I wouldn't run out and buy a hardness test kit, you may only use it once. Tap water hardness can be ascertained from your water supply company/municipality.

Byron.
 

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Discussion Starter #5
Byron,
Th Ph of my tap water is 7.6+ and the High Range Ph is 8. My tank's Ph is 7.6+ and the High Range Ph is 8.2, so it looks like the crushed coral has raised the Ph a little. I have contacted my water company about the hardness, they should get back with me sometime today. Thanks for the info,
-Ian
 

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Byron,
Th Ph of my tap water is 7.6+ and the High Range Ph is 8. My tank's Ph is 7.6+ and the High Range Ph is 8.2, so it looks like the crushed coral has raised the Ph a little. I have contacted my water company about the hardness, they should get back with me sometime today. Thanks for the info,
-Ian
A suggestion when testing tap water for pH: let a glass of tap water sit overnight and test the next morning. This allows the CO2 to dissipate out and depending upon how much is in the tap water (it varies from place to place) you may find the pH is actually higher.

Also, using two different range kits can be misleading. My thought on this would be to first ascertain from the water company the pH and hardness and see which of your kits matches. Also, I don't know which kits you are using and what ranges they have, but once you have ascertained which is identical (or nearly) with the water company, I would stick with that kit. But once we know the hardness, it will itself suggest which kit would be better. Hopefully all this will match up in the end.
 

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Discussion Starter #7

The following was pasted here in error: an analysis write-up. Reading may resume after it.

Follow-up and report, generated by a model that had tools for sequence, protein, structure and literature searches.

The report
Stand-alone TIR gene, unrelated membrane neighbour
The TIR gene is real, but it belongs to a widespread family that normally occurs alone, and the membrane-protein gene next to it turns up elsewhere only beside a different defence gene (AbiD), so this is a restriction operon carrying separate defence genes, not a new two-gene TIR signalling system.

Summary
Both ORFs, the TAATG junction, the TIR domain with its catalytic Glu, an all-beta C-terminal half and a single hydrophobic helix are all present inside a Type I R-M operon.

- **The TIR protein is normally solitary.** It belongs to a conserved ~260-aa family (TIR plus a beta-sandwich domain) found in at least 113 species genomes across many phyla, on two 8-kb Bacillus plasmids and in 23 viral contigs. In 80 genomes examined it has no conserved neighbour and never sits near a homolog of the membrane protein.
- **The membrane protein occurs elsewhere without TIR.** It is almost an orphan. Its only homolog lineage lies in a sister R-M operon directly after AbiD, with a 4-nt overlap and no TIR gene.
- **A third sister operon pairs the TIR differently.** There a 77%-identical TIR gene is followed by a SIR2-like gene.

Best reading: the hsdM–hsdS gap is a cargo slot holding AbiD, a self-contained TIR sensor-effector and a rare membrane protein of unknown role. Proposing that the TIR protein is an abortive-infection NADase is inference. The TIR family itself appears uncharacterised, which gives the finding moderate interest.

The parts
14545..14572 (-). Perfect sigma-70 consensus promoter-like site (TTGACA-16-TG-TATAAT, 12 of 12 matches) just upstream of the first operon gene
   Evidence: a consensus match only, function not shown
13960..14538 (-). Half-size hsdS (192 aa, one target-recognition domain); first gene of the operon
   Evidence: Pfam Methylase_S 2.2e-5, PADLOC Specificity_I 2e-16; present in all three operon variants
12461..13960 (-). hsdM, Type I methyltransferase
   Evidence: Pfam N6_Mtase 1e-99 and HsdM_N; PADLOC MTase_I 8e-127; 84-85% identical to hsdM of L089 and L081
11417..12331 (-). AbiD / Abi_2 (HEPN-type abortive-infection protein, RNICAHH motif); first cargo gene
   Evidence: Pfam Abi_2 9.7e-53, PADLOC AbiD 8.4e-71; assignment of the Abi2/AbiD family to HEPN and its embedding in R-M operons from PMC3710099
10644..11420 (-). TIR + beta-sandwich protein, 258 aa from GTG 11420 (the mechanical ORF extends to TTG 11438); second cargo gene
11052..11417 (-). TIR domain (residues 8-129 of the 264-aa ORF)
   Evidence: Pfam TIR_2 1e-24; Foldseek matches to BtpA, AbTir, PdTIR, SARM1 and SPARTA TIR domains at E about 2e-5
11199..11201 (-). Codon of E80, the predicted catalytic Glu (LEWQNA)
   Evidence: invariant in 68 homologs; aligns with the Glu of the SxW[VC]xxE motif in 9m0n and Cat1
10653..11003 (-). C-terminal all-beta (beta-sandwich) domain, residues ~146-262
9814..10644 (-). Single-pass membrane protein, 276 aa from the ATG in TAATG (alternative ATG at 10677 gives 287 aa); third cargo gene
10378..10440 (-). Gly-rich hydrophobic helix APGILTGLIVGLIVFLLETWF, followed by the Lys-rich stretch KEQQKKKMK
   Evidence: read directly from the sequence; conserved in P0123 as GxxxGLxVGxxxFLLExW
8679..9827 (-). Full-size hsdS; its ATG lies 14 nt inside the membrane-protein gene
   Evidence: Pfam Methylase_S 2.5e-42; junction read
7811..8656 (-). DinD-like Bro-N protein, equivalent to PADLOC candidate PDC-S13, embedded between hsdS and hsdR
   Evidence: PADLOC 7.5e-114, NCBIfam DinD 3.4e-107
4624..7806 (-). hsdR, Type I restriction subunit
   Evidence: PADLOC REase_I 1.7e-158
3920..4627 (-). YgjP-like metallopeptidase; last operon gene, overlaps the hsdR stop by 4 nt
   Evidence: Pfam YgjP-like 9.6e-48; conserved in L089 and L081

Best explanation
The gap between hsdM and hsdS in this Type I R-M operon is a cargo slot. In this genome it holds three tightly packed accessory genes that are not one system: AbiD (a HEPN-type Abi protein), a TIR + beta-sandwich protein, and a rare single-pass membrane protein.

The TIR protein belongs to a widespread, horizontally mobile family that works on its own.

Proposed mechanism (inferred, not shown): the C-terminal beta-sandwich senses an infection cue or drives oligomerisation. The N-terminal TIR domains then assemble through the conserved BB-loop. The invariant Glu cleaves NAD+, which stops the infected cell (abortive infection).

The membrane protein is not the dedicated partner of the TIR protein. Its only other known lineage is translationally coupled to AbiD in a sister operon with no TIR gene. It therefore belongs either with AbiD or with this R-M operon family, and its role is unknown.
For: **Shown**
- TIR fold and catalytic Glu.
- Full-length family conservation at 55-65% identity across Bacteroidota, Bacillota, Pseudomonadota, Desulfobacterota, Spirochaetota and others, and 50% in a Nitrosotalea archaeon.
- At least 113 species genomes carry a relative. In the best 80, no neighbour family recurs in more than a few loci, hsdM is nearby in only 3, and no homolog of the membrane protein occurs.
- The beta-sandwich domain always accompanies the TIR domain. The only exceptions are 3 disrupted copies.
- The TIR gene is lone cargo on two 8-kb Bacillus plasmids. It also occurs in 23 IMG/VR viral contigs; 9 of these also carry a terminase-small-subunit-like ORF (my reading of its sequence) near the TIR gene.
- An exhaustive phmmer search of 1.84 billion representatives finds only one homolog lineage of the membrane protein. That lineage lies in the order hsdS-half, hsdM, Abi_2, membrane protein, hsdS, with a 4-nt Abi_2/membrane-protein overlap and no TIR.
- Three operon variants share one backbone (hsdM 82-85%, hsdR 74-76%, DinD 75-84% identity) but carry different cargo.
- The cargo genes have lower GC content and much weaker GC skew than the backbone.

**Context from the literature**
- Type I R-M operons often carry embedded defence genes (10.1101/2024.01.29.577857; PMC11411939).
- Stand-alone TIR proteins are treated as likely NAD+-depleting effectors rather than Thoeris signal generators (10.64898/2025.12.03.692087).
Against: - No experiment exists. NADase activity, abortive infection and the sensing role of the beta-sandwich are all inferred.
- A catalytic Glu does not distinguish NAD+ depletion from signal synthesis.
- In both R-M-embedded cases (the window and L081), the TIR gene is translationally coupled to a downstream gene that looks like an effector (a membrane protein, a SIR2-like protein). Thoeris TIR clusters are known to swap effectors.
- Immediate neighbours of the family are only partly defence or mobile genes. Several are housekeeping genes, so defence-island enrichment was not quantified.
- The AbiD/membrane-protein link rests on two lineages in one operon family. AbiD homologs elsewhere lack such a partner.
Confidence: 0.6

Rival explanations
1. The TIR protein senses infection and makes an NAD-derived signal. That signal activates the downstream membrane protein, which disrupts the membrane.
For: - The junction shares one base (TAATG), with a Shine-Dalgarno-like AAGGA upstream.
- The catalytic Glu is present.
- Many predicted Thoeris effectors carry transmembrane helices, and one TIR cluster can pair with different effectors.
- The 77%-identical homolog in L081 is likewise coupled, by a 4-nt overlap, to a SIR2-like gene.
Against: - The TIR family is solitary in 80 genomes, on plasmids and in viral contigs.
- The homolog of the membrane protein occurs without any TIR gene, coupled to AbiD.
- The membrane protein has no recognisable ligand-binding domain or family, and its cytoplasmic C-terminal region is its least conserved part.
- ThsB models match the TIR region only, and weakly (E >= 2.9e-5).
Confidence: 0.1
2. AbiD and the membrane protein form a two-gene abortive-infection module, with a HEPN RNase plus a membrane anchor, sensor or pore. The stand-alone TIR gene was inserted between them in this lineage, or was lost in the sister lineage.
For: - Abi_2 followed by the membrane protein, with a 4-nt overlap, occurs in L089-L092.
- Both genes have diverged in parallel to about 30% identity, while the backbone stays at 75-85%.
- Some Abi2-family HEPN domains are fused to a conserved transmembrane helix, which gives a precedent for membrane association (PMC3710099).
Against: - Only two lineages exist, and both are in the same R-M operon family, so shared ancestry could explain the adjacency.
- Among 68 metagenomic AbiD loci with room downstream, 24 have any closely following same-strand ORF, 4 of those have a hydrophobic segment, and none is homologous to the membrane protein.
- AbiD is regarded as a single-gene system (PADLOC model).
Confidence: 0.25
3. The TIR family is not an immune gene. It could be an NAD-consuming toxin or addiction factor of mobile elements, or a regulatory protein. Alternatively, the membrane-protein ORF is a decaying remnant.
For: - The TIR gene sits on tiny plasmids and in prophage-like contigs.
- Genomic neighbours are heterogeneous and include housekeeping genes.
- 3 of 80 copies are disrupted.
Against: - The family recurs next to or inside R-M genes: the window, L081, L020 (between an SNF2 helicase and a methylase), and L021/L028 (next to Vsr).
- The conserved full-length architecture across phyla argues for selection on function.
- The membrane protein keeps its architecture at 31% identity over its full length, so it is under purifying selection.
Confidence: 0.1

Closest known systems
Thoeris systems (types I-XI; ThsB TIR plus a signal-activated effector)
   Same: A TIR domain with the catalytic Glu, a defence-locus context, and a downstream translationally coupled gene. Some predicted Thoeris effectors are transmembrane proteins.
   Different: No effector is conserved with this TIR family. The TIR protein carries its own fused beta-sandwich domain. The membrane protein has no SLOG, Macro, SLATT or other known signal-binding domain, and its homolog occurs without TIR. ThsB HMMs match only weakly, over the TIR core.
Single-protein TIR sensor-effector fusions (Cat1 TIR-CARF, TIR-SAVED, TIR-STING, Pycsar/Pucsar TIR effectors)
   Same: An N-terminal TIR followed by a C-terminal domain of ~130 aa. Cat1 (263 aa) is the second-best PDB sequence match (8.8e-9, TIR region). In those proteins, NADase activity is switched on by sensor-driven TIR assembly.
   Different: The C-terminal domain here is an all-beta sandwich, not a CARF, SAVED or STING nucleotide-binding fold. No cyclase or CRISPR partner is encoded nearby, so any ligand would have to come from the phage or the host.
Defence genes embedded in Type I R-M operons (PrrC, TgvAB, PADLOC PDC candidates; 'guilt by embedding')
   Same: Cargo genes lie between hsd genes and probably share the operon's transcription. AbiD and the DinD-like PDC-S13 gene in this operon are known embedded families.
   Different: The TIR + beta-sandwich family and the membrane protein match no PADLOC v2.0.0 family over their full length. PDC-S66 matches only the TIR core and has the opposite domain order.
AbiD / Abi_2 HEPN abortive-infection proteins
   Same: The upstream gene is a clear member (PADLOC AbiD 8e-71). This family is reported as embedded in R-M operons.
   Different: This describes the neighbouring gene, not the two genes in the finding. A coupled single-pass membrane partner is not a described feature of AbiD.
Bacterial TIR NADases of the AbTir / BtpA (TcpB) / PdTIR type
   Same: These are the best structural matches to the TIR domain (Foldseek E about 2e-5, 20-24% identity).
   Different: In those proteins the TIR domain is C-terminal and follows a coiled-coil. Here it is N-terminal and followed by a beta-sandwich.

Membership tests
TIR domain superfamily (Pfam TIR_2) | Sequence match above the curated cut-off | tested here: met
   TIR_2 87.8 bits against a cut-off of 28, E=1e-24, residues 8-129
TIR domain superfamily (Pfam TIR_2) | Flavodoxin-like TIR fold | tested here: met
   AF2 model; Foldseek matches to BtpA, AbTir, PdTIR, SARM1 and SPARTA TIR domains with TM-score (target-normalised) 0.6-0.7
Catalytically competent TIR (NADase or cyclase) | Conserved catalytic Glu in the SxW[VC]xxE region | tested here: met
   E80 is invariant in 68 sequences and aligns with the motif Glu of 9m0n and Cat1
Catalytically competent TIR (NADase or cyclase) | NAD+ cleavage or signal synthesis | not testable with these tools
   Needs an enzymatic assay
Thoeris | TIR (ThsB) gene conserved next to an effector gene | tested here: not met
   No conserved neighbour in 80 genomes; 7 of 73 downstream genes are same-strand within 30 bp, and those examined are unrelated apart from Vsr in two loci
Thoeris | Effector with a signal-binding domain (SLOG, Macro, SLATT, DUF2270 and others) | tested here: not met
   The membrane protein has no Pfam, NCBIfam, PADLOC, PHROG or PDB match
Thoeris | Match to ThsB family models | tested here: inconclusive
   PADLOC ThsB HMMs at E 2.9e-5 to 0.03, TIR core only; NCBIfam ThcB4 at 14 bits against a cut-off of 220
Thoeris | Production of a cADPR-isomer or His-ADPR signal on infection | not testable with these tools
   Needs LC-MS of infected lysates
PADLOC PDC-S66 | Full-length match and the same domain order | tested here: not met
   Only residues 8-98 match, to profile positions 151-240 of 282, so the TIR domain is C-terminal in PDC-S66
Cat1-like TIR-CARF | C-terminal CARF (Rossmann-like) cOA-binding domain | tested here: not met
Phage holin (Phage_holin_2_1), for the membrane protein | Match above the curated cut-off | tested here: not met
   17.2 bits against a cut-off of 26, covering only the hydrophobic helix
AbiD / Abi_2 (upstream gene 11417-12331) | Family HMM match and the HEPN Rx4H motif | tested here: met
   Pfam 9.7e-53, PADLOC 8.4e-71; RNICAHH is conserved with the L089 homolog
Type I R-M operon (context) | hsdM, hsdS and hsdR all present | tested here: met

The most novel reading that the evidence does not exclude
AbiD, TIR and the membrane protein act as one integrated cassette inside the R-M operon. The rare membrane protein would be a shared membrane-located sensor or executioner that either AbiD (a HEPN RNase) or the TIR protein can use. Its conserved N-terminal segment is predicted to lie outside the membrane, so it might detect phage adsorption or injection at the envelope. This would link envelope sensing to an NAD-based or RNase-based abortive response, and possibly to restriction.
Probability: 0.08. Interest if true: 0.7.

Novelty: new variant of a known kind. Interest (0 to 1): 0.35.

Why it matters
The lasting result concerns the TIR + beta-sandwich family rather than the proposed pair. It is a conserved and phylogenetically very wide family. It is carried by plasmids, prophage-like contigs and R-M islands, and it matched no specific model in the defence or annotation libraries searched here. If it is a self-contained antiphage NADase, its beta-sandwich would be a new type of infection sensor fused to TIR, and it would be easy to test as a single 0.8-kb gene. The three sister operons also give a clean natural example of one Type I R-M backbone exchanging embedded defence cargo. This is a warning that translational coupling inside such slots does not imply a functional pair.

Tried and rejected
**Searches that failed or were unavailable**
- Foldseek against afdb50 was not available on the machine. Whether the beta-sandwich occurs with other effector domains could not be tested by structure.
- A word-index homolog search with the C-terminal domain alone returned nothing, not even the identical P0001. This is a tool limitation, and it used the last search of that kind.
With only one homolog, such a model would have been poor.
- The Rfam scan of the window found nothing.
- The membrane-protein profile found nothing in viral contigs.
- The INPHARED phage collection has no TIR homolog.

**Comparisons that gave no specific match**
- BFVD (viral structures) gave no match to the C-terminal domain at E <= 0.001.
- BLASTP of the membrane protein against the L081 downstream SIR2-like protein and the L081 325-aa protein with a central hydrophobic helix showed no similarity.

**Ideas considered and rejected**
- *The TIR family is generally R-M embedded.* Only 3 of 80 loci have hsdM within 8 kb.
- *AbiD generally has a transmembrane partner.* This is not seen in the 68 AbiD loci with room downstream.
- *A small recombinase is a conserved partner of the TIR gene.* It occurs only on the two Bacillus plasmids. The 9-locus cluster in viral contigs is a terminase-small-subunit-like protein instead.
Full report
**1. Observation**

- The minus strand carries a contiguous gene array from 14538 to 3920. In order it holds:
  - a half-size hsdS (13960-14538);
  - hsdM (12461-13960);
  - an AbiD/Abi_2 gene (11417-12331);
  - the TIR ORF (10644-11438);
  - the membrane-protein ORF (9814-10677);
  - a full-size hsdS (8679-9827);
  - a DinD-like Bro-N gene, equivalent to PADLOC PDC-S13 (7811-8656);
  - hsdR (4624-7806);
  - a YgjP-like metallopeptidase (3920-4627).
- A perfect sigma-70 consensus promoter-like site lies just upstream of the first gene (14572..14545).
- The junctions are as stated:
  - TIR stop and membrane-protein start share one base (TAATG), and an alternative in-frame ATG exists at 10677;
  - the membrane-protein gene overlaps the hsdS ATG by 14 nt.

My water company contacted me back and said the ph was around 8 and the hardness was "very soft". The Ph proves that I'll be using the high range test, right? And for the hardness, I think I may as well go buy one, they are only around $3 I think and I don't want to take chances. Hopefully the coral gravel will raise the hardness enough?
-Ian
 

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My water company contacted me back and said the ph was around 8 and the hardness was "very soft". The Ph proves that I'll be using the high range test, right? And for the hardness, I think I may as well go buy one, they are only around $3 I think and I don't want to take chances. Hopefully the coral gravel will raise the hardness enough?
-Ian
Yes on the pH kit. The coral gravel will be good in this situation, as you need mineral for the fish mentioned (rift lake cichlids) and there is little in soft water, depending upon the degree of hardness which we don't know. But all should be fine. The pH in the tank may rise over 8, that's not a problem with rift lake cichlids, the pH in Lake Tanganyika is 9 if memory serves me.
 

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This is probably the least important thing, but Id say go with the black background. I have 2 tanks behind me, one with a black background and one with a picture or rocks and plants or something, the difference is like looking at a painting and looking at a puddle.
 

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Discussion Starter #10
thanks, I changed it and it looks a lot better.